Introduction to the study of African Christian ethics -- Foundations of contemporary African ethics -- Foundations of Western ethics -- Foundations of Christian ethics -- Foundations of African Christian ethics -- Applying African Christian ethics -- Church and state -- War and violence -- Strikes -- Poverty -- Corruption -- Fund-raising -- Procreation and infertility -- Reproductive technologies -- Contraception -- Polygamy -- Domestic violence -- Divorce and remarriage -- Widows and orphans -- Rape -- Incest -- Prostitution and (...)
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  22. Andrew F. March, Marriage, Sex and Future Persons in Liberal Public Justification: Is There a Right to Incest?score: 3.0
    In this article I consider whether there a right to incestuous marriage. I begin by suggesting that the liberal state get out of the "marriage" business by leveling down to a universal civil union or "registered domestic partnership" status. Removing the symbolism of the term "marriage" from political conflict, privatizing it in the same way as religion, would have the advantage of both consistency and political reconciliation. The question is then whether incestuous unions should be both legal and eligible for (...)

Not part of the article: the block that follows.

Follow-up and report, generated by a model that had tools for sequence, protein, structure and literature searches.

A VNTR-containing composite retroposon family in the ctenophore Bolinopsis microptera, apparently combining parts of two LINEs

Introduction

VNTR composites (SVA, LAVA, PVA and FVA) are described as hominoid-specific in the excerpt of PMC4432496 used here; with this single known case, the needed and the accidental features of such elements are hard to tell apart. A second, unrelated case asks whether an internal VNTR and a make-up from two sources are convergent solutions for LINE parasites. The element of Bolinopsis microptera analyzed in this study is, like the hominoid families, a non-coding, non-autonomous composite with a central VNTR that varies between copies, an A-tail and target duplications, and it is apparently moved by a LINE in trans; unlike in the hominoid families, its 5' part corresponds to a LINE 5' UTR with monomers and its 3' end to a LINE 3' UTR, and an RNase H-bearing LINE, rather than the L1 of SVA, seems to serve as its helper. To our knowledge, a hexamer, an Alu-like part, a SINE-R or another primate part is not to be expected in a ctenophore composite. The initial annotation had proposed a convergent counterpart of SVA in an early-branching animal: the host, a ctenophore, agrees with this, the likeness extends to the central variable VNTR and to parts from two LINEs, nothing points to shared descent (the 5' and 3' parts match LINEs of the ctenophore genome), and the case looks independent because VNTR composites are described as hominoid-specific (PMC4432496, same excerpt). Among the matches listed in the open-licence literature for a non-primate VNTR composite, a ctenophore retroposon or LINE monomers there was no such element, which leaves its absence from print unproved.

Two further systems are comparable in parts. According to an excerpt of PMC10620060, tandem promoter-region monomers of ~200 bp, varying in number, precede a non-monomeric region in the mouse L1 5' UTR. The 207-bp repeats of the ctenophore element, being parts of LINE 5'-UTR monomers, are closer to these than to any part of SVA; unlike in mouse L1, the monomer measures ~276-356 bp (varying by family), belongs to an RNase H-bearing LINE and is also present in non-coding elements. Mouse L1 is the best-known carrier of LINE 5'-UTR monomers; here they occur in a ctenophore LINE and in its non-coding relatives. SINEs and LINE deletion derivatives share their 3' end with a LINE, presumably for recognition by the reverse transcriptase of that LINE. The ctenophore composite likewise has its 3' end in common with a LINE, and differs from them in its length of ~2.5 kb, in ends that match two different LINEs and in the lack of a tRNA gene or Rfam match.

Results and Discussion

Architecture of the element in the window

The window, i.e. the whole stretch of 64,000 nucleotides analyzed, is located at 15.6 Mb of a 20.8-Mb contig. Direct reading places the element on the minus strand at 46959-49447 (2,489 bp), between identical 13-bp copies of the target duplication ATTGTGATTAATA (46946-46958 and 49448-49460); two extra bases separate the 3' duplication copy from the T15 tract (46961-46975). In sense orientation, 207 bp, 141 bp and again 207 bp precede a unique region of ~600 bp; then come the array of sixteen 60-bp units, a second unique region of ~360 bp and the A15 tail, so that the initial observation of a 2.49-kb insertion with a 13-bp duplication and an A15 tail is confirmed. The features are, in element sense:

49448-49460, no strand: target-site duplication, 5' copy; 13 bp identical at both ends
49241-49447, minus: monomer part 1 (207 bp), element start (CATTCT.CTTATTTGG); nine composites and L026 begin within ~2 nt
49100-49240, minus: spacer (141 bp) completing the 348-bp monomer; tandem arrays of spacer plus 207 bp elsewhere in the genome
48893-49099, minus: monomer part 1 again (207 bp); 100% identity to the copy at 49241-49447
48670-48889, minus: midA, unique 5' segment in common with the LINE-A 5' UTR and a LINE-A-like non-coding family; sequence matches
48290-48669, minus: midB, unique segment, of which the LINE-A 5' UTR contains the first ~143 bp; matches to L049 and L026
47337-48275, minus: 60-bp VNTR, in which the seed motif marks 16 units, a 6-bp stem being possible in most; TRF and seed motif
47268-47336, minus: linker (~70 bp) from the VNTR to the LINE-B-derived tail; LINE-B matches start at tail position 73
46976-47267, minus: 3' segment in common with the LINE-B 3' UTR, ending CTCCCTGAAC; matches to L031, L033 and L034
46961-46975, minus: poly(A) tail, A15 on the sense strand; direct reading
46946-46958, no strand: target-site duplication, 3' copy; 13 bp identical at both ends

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  23. Thom Brooks, The Capabilities Approach, Religious Practices, and the Importance of Recognition.score: 3.0
    When can ever be justified in banning a religious practice? This paper focusses on Martha Nussbaum's capabilities approach. Certain religious practices create a clash between capabilities where the capability to religious belief and expression is in conflict with the capability of equal status and nondiscrimination. One example of such a clash is the case of polygamy. Nussbaum argues that there may be circumstances where polygamy may be acceptable. On the contrary, I argue that the capabilities approach cannot justify (...)
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  24. Daniela Cutas & Sarah Chan (2012). Families – Beyond the Nuclear Ideal. Bloomsbury Academic.score: 3.0
    This book examines, through a multi-disciplinary lens, the possibilities offered by relationships and family forms that challenge the nuclear family ideal, and some of the arguments that recommend or disqualify these as legitimate units in our societies. That children should be conceived naturally, born to and raised by their two young, heterosexual, married to each other, genetic parents; that this relationship between parents is also the ideal relationship between romantic or sexual partners; and that romance and sexual intimacy ought to (...)
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  25. Benoît De Gaudemar (1998). Sexual Selection and Breeding Patterns: Insights From Salmonids (Salmonidae). Acta Biotheoretica 46 (3).score: 3.0
    Although "intrasexual selection" has been accepted as the mechanism by which males evolve elaborate secondary sexual traits which are used in aggressive contests, the importance of "intersexual selection" as a mechanism by which males have acquired exaggerated traits to display to females during courtship was less readily accepted. In spite of this scepticism, several genetic models have supported the latter idea, and many empirical studies showed that females were generally more discriminating in mate choice than males, because of differences in (...)